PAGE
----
by Michelle Erica Green

This review originally appeared on the now-defunct site FamilyWonder.com, which showcased children's entertainment for parents and caregivers.

Grade: A
Network: Nickelodeon
Best For Ages: 2-5

Animated dog Blue and her human friend Steve solve language-related puzzles and play "Blues Clues," a game about finding clues that when combined form the answer to a question. The show encourages participation and makes kids feel good about themselves because they often can solve the puzzles before Steve. While two-year-olds enjoy the animated characters, preschoolers will learn new words and concepts.

Parental Advisory:
Educational Value: Constant dialogue with viewers introduces new vocabulary words, and simple games teach concepts like take-away. Steve records visual and audio clues in a notebook, encouraging kids remember and think about several clues at once.

Entertainment Value: Episodes have themes rather than stories, such as going shopping or going to the library. Steve's basic vocals encourage kids to sing along. He's also appealingly goofy, remaining blind to clues until children shout them.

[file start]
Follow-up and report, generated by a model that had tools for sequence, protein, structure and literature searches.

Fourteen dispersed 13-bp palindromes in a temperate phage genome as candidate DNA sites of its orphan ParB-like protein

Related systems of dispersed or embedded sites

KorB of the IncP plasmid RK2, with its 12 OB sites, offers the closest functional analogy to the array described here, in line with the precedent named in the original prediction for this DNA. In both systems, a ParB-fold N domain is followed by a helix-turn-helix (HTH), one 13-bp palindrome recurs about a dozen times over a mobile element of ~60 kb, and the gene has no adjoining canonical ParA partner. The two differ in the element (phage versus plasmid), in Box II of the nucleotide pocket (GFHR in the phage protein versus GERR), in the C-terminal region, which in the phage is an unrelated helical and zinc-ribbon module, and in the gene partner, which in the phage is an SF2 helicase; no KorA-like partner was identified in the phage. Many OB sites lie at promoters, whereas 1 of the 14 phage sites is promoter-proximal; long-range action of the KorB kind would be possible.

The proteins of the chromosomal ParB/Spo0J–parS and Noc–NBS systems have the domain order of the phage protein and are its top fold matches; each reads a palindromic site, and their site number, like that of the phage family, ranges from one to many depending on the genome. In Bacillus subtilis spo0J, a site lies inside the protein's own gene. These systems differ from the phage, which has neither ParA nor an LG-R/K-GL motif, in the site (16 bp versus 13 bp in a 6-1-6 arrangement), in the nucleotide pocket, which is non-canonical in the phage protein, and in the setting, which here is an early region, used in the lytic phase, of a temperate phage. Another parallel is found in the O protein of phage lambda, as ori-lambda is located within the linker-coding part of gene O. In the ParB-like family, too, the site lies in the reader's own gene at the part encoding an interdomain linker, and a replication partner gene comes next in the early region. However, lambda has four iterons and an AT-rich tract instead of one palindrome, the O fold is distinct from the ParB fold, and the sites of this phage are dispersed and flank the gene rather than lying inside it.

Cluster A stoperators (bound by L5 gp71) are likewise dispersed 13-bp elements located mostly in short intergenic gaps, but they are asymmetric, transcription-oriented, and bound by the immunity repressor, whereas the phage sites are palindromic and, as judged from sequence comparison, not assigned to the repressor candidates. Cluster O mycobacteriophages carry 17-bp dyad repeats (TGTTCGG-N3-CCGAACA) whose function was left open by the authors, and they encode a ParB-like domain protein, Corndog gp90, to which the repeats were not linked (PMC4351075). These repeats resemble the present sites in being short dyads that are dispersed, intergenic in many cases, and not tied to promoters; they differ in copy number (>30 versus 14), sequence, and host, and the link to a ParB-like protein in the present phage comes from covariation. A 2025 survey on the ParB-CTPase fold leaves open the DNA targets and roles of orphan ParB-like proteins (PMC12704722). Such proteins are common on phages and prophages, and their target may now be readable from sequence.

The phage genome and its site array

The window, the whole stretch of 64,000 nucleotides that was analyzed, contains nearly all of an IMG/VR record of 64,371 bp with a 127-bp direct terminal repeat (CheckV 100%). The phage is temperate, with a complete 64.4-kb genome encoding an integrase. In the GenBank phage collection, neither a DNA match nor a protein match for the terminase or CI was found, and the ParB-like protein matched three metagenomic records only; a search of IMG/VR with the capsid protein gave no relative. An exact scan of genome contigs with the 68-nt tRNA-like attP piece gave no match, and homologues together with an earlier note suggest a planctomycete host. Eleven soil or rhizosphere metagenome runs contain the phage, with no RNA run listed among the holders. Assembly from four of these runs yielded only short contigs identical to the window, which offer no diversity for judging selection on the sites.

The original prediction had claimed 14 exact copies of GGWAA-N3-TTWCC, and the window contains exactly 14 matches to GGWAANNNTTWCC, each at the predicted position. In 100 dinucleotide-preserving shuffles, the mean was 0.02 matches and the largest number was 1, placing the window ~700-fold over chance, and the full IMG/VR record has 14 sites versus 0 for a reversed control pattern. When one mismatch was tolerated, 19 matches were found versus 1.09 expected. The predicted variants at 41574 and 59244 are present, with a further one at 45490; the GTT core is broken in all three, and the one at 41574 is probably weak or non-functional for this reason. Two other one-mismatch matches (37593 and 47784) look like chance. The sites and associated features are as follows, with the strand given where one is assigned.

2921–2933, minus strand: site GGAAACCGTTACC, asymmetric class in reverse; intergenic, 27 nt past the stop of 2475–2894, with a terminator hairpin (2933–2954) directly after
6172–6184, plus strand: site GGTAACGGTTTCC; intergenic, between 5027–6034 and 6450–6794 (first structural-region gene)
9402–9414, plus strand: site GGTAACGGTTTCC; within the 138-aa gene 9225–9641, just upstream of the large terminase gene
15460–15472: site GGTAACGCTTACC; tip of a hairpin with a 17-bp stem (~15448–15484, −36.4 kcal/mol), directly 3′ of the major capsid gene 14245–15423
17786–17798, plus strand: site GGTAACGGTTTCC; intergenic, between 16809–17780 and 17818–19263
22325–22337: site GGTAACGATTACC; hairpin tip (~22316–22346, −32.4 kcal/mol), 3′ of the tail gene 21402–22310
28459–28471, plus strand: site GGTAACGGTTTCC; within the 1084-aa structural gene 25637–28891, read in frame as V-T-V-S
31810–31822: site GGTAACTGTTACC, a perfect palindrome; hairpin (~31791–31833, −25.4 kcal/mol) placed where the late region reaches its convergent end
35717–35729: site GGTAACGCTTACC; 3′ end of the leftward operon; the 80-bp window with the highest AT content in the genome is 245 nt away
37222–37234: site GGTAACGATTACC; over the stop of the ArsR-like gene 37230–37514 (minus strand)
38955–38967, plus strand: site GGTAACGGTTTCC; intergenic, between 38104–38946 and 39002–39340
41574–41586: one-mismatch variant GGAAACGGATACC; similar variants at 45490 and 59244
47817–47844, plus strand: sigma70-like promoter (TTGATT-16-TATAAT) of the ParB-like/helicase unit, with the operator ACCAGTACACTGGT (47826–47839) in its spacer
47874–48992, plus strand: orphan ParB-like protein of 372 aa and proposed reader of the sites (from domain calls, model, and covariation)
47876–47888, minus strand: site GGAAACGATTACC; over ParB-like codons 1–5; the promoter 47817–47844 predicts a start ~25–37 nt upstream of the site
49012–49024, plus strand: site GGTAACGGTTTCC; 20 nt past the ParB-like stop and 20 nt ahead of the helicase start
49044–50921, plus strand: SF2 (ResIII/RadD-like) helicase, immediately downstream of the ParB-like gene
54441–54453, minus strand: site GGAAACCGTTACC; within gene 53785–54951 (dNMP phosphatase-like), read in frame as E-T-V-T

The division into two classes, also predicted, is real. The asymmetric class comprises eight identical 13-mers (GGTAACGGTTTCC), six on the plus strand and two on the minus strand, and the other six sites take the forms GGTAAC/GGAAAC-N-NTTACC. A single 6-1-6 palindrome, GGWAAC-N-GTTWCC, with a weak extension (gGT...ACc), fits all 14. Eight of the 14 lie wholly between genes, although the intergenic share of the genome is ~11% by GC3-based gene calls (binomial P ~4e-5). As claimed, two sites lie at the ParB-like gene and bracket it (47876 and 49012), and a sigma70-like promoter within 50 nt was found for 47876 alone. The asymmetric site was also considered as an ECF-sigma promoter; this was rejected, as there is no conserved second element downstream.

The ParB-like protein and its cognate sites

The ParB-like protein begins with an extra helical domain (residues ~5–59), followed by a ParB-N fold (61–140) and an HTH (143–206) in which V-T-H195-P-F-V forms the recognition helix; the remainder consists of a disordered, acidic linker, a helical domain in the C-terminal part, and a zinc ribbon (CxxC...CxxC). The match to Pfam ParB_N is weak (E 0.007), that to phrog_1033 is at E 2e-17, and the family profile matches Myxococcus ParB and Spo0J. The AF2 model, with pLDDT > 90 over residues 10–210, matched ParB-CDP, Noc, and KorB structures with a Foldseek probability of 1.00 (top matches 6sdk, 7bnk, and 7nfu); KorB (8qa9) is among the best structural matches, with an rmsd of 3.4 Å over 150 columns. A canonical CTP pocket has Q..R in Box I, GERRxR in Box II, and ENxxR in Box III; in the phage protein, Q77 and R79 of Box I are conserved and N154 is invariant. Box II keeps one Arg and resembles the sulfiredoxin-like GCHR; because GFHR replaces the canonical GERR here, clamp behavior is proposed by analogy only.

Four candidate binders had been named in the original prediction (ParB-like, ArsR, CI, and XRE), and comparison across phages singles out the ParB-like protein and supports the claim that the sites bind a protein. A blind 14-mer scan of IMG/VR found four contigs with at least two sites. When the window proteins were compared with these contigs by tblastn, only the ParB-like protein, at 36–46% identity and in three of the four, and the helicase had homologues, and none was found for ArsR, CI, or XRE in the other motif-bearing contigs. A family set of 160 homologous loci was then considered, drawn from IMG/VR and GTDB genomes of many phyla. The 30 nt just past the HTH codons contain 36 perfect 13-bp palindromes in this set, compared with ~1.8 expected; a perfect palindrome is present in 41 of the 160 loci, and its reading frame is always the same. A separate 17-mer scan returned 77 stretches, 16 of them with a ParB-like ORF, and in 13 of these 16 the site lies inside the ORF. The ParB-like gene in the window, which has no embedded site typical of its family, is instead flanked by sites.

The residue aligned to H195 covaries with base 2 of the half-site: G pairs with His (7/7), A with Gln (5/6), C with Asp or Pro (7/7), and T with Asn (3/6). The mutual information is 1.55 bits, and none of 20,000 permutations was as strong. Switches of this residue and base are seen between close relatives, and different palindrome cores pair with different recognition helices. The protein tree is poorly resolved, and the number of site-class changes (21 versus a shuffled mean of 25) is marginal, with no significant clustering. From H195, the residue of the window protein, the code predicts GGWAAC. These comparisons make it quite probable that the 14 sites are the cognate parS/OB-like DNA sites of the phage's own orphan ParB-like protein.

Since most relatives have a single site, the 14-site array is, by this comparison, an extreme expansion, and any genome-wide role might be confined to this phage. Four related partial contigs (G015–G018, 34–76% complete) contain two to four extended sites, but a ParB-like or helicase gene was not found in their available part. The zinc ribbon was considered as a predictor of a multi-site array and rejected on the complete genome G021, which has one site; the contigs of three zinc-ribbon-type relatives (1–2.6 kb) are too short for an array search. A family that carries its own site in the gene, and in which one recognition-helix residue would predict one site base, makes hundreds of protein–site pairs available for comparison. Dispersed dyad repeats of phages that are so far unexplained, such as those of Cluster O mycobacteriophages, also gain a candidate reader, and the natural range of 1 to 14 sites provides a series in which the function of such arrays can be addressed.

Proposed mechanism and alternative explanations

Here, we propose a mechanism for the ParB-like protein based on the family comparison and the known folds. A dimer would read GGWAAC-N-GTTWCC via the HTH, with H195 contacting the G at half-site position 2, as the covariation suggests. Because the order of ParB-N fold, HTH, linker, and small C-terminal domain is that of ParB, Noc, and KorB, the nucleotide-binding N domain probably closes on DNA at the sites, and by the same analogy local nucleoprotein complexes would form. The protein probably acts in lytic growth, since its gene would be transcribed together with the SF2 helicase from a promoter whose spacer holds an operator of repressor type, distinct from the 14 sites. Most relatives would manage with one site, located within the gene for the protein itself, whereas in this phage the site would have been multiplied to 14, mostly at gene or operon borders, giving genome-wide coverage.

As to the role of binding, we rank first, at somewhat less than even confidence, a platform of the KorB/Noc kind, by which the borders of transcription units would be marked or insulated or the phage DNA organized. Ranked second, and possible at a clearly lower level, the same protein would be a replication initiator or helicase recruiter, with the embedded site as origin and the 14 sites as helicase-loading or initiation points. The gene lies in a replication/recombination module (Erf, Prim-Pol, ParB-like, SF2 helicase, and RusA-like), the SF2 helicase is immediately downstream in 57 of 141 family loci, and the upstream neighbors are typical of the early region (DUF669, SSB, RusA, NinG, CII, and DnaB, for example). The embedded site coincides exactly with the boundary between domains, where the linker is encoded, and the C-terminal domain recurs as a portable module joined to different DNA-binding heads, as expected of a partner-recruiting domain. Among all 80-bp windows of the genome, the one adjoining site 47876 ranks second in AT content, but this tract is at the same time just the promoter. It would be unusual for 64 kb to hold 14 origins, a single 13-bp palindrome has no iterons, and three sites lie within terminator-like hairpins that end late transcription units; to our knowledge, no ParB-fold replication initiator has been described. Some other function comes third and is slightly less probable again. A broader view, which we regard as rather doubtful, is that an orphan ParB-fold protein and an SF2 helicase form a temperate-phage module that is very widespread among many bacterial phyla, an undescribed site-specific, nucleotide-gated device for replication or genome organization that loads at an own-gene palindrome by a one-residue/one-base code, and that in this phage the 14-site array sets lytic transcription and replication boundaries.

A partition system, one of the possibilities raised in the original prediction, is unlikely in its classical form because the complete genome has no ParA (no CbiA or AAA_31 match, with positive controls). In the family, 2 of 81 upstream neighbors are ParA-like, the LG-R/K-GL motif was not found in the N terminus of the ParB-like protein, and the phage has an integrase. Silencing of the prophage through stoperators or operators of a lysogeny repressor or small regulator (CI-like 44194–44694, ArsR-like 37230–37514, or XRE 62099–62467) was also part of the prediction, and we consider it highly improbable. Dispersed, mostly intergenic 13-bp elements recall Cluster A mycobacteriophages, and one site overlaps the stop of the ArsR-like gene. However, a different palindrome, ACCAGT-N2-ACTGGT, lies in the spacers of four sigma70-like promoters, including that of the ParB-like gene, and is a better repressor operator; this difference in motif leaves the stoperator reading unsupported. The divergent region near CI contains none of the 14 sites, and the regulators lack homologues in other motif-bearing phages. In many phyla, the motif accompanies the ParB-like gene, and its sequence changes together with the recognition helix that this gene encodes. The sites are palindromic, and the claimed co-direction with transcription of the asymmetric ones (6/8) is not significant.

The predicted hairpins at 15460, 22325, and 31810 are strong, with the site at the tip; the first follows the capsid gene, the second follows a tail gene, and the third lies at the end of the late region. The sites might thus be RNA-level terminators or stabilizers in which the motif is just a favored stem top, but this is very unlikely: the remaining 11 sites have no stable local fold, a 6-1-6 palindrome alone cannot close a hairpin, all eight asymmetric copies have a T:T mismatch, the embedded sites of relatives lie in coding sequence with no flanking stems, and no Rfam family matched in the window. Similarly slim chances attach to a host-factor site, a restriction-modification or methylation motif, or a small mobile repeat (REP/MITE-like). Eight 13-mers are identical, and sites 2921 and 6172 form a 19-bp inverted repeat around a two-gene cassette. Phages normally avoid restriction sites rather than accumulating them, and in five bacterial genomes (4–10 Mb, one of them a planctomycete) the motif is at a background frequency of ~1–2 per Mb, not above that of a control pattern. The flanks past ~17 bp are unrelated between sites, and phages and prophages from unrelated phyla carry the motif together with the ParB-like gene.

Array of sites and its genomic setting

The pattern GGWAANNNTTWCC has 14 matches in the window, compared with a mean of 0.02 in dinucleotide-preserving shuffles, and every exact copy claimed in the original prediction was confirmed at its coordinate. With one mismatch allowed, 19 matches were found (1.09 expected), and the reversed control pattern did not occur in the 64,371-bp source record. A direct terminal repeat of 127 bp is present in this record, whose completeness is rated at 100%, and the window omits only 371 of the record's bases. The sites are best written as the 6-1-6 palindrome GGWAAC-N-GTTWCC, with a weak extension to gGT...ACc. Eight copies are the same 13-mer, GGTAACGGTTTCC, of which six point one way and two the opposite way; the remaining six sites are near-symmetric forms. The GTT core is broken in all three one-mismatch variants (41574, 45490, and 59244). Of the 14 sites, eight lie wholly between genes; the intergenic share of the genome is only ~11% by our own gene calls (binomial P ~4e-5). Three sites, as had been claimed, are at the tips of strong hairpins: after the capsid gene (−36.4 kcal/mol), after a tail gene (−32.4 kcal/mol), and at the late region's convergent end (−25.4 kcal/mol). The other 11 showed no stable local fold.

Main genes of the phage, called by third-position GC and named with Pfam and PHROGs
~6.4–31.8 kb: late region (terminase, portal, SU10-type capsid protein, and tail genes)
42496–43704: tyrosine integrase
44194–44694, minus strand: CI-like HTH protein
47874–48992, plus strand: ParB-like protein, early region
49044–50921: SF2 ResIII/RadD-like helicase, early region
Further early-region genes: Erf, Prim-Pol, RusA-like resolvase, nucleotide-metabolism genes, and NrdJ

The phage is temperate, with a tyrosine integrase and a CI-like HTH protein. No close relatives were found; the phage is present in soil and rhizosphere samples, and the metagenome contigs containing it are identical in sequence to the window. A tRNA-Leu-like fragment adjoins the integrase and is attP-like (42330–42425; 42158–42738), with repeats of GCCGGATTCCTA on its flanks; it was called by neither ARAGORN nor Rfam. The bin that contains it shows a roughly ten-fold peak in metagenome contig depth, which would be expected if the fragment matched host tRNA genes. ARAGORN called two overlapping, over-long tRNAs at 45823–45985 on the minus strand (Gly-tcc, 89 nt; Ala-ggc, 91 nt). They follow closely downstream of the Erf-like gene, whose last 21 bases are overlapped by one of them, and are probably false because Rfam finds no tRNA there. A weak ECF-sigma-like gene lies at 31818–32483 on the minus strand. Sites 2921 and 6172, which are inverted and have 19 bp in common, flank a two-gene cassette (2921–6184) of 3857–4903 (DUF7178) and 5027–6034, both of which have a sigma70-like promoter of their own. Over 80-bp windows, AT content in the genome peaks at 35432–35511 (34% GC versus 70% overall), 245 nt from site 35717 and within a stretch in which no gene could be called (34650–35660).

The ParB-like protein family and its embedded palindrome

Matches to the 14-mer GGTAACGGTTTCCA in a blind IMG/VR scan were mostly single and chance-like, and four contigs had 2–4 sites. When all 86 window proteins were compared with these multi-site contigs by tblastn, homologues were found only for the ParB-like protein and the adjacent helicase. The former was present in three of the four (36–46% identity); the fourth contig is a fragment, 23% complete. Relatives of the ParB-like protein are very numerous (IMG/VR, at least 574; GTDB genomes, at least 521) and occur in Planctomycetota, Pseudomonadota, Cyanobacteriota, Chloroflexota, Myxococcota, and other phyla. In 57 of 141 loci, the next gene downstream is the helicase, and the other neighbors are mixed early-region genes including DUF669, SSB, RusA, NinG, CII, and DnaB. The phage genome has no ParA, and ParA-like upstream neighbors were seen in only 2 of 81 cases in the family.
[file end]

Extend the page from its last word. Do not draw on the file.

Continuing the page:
Frightening Situations: Occasional discussions of illness and nightmares.

This terrific series for preschoolers helps children discover that paying attention to detail and solving problems can be very rewarding. Viewers get a kick out of Steve, the approachable young host who leads viewers through the show and sings simple, short songs.

Kids like helping Steve find paw prints to solve mysteries such as which book Blue would prefer to read, or what she feels like playing. Children occasionally become competitive to be the first to solve "Blue's Clues," but they have fun and are proud when they realize how much they're learning.

Steve talks to viewers throughout the show, posing questions. Three-year-old viewers take pride in shouting out the answers before Steve. While four- and five-year-olds sometimes get bored with matching colors, sound, and shapes, they stick around for more adventurous segments--Steve learning about weather and going on "safari" to look for animals, and Blue's play dates with friend Magenta.

Although there's no grown-up humor, parents may want to stick around for the activities. Episodes present simple science experiments that can be tried at home; others offer suggestions for field trips; still others demonstrate flash-card games and ways to make grocery shopping interesting for kids.

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